This debate isn’t merely an academic curiosity. The role of economics in the election matters politically: for Trump, because voters may turn on him if he doesn’t deliver on his economic promises, and for Democrats, because they will struggle to win back the White House if they don’t find ways to speak convincingly on these issues. And it matters in terms of policy: Trump’s economic plans may not make much sense, but the problems identified by his supporters are real. Manufacturing jobs really have disappeared, and we haven’t yet found a source of similarly stable, well-paying jobs to take their place. Wages really have stagnated for much of the past 15 years, and economic mobility, at least by some definitions, really has fallen. College costs really have risen, and our retirement system really is broken. Until politicians and policymakers find ways to address those issues, economic anxiety — and its political consequences — isn’t likely to go away.
Still waiting for a CEA chair
Trump has announced nominations for nearly all the top posts in his administration. One of the last vacancies: chair of the Council of Economic Advisers, traditionally (though not always) one of the president’s most influential consultants on economic issues.
A few weeks back, it looked like Trump was poised to name CNBC talking-head Larry Kudlow to the post. The rumor drew lots of attention because of Kudlow’s unusual background for the position (he doesn’t have a degree in economics, for one). But Kudlow would also have been notable because of his strong advocacy for “supply-side economics,” which argues that lower taxes and reduced regulation are the best ways to promote economic growth. That’s hardly unusual for a Republican; supply-side theory, in one form or another, has dominated conservative economic policy since the Reagan administration. But Trump’s campaign featured an unusual (some might say awkward) blend of supply-side economics and populism — Trump’s anti-trade rhetoric is a distinct departure from supply-side orthodoxy. Observers have been watching Trump’s Cabinet picks closely to see which set of policies would have the upper hand in his administration.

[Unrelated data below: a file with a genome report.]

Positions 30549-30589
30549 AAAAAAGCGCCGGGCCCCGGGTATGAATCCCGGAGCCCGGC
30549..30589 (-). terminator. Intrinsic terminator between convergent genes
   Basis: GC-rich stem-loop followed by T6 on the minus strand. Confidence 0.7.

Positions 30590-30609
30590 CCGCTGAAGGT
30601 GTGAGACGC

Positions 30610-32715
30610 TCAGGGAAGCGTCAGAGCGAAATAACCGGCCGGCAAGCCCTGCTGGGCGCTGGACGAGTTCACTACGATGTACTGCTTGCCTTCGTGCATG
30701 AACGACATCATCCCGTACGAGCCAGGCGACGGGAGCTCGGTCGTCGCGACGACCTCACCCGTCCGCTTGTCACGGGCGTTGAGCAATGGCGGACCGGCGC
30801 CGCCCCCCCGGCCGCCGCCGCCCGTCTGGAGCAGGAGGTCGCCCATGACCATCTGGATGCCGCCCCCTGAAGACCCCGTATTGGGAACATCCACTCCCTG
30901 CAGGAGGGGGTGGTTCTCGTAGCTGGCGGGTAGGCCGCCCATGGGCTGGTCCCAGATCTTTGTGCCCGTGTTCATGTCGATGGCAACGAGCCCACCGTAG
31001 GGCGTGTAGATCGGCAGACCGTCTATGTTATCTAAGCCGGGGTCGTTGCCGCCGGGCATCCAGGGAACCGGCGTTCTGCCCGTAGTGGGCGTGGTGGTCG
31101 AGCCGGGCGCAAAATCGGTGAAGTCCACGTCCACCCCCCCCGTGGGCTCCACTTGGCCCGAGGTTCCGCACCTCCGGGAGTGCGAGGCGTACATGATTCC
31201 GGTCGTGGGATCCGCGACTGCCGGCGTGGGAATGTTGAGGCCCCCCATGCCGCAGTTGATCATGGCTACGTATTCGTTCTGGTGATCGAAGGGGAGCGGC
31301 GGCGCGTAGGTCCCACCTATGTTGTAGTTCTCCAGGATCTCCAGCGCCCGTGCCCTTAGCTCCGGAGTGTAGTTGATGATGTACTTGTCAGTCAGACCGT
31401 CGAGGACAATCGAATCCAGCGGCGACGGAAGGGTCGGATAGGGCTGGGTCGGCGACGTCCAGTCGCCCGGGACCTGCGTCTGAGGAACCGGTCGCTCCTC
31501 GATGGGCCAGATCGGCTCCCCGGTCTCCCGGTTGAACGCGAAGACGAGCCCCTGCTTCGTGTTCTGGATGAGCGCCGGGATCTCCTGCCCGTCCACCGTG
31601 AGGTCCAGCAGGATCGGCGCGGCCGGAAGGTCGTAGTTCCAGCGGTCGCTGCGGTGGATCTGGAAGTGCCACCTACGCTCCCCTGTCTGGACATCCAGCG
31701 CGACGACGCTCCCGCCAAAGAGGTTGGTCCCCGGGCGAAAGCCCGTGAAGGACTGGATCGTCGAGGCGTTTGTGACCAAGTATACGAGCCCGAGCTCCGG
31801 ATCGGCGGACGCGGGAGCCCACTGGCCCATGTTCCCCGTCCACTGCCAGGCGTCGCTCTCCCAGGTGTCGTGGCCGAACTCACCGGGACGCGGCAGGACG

With less than two weeks to go before he is sworn in, Trump has yet to name a clear supply-sider to a senior economic policy position in his administration. Wilbur Ross Jr., his pick for Commerce secretary, and Peter Navarro, who Trump has named to a newly created post overseeing trade policy, are both avowed skeptics of free trade, at least as it has been practiced in recent decades. His nominee for Treasury secretary, Steven Mnuchin, has said little about his views on economic policy.
Kudlow would represent by far the administration’s strongest advocate for supply-side policies. But the delay in filling the CEA role suggests that Kudlow doesn’t yet have the job sewn up. What Trump ultimately decides could be a key hint of where the balance of power will lie in his administration.
The week ahead
Speaking of Trump’s administration, this week brings the first wave of confirmation hearings for Cabinet nominees. Of particular note will be Thursday’s hearing for Ross, who is widely believed to be one of Trump’s closest advisers on the economy. Ross, a billionaire investor, will probably face some tough questions about potential conflicts of interest, and Democrats are sure to press him on some of his past business dealings. But so far, there is little sign of organized opposition to Ross’s nomination. Those looking for drama might have to wait until next week, when Andy Puzder, Trump’s nominee for Labor secretary, faces senators. Puzder, an outspoken critic of recent minimum wage-increases, is drawing protests from labor groups. That isn’t likely to stop his confirmation by the Republican-controlled Senate, but it could lead to some heated moments in the hearing room.
Last week at FiveThirtyEight
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As Obamacare faces possible repeal, Anna Maria Barry-Jester looked at the law’s legacy and found that its degree of success depends heavily on which metric you choose to evaluate it.
What will a Trump presidency mean for economic data and other government statistics? We discussed the issue on FiveThirtyEight’s politics podcast.
A shortage of child care in many parts of the country is making it hard for new parents to return to work. NPR’s Jessica Deahl looked at the consequences of the broken market for child care.
As the U.S. economy becomes increasingly dominated by the service sector, many men remain reluctant to take jobs in fields traditionally dominated by women, Claire Cain Miller wrote in The Upshot section of the The New York Times.
Millions of Americans — many of them black men — can’t find jobs because they have criminal records. That’s bad for them, but also for the broader economy, argued Matt Phillips and Kathleen Caulderwood of Vice News.
In the mid-20th century, most televisions sold in the U.S. were also made here. Today, almost none are. But according to Quartz’s Ana Campoy, what might sound like a tale of the dangers of globalization is in fact an object lesson in the risks of ignoring it.